January 20, 2017
By Chenoa Geerts, Associate Political Consultant
Tuesday 17th January. The day UK Prime Minister Theresa May explained what “Brexit means Brexit” means. The long-awaited speech was held in London’s Lancaster House, where Margaret Thatcher welcomed the creation of a single market in 1988. You could only imagine what this symbolic gesture meant, as Mrs May presented her 12 Brexit negotiating principles.
Not beating about the bush, Mrs May revealed she wants to pull the UK out of the single market, opting for what we now refer to as a “hard Brexit”. She had received the message so often conveyed by European leaders that the UK would not be able to ‘cherry-pick’ remaining in the single market while not respecting the free movement of people. Instead, the PM said she aims to control immigration, stop contributing vastly to the EU budget, negotiate free trade agreements with the EU and other partners, and make sure the UK will no longer be subject to the European Court of Justice.
The Prime Minister’s message was clear. She will not try to wriggle her way through the complicated maze of EU legislation, treaties and institutions to perhaps only partly leave the EU at the end of the ride. “No deal for Britain is better than a bad deal for Britain,” she said. So, based on these determined words, what can we expect to happen now?
The pound has endured a rollercoaster ride since the referendum and surged hugely following May’s speech. As it becomes clearer where the UK is headed, we might see greater stability in financial markets. Some took Mrs May’s strong message to heart though, as Goldman Sachs announced it might move staff from London to Frankfurt as part of a post-Brexit reorganisation and HSBC and UBS, two of the largest investment banks in the City of London, also warned they could be moving jobs to Paris and Frankfurt respectively. This will reduce government tax receipts and result in a loss of income tax from well-paid investment bankers. Anticipating this, Chancellor of the Exchequer Philip Hammond suggested previously the Government might reform its economic model and make the UK Europe’s new tax haven to attract more business. This move, however, won’t sit well with domestic or European partners, nor does it present a sustainable solution to fill the gap that will be left by the European single market.
Mrs May’s “hard-Brexit” line also prompted strong language from partners she sought to come closer to. Nicola Sturgeon, First Minister of Scotland and pro-Scottish independence campaigner, said that plans to take the UK out of the single market have increased the chances of a second independence referendum. Nevertheless, she will remain cautious as her SNP lost their Assembly majority in last year’s Scottish Assembly elections and a referendum victory is anything but certain, knowing as well that a defeat will push back independence for a long time.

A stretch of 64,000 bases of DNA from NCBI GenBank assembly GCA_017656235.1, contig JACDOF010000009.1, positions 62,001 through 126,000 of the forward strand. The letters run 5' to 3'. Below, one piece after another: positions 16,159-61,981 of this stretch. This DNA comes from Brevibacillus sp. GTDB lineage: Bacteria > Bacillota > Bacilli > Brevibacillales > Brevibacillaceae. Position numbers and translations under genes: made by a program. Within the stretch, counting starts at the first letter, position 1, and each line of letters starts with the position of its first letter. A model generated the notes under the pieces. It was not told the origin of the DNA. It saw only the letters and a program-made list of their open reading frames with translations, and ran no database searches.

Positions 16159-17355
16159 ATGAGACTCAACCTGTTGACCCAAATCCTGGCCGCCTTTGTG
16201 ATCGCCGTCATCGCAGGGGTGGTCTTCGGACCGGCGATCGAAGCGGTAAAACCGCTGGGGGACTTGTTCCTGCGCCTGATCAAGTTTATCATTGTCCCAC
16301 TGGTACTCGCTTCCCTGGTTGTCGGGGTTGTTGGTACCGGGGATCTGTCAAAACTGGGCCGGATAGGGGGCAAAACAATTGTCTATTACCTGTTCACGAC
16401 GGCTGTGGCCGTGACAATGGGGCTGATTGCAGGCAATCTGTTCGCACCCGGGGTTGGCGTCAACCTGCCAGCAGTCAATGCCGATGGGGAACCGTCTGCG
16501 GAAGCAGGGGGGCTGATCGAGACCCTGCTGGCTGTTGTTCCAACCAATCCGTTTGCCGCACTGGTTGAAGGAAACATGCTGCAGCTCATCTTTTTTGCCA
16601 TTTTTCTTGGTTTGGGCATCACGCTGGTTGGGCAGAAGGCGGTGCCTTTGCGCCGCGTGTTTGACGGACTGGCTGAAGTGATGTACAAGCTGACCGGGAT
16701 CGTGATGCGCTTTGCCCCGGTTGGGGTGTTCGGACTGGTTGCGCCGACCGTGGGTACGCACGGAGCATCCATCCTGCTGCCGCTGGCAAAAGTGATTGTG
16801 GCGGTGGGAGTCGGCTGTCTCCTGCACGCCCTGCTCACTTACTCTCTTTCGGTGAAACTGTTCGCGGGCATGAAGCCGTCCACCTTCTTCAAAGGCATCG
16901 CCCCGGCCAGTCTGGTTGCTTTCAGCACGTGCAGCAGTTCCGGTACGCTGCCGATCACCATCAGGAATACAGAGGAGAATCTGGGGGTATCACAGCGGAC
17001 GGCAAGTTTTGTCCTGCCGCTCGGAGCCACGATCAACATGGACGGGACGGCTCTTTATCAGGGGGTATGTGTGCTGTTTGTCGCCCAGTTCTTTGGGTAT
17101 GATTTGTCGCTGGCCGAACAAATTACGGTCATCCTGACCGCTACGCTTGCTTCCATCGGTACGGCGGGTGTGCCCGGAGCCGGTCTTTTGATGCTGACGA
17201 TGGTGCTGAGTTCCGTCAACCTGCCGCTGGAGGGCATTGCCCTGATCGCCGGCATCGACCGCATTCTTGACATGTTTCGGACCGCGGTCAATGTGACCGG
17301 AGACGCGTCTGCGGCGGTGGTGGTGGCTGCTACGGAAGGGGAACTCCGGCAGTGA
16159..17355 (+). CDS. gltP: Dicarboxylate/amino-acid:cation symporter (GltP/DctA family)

For European partners, Mrs May’s speech could not have come at a worse time. Presenting her Brexit plan two days after Trump revealed he thought NATO was obsolete, Brexit was good and he did not care if the EU fell apart, the PM addressed an anxious group of EU ambassadors, only to confirm their worst fear. She wasn’t bluffing. Brussels responded diplomatically with Michel Barnier, the European Commission’s Brexit negotiator, saying that an “Agreement on orderly exit is prerequisite for future partnership.” This was echoed by his boss, Jean-Claude Juncker, who says he’ll be looking for a “balanced solution”. But is the EU-bubble really as relaxed as it seems?
If you go to Brussels you feel people are united on the issue of Brexit and display an easy-going, confident attitude in entering the negotiations. They know the UK is not able to negotiate any other trade agreements until it has officially left the bloc and they press on the fact the UK will lose a lot of business by leaving. Furthermore, elections in increasing Eurosceptic Netherlands, France and Germany will see important EU leaders take a hard stand Brexit to show their own electorate the down-side to leaving. This could make the UK’s position in the negotiations challenging in the months after the Article 50 notification. In the longer run, however, the EU’s mood might change. As we have seen with the Euro crisis, the refugee crisis and the war in Syria, the EU is often unable to stand united on crucial issues and is frequently seen paralysed in its decision-making processes. In the end, the UK might actually find itself having the upper hand in negotiations in which their partner is tangled in internal conflicts and disagreements. Only time will tell…WhitehouseEU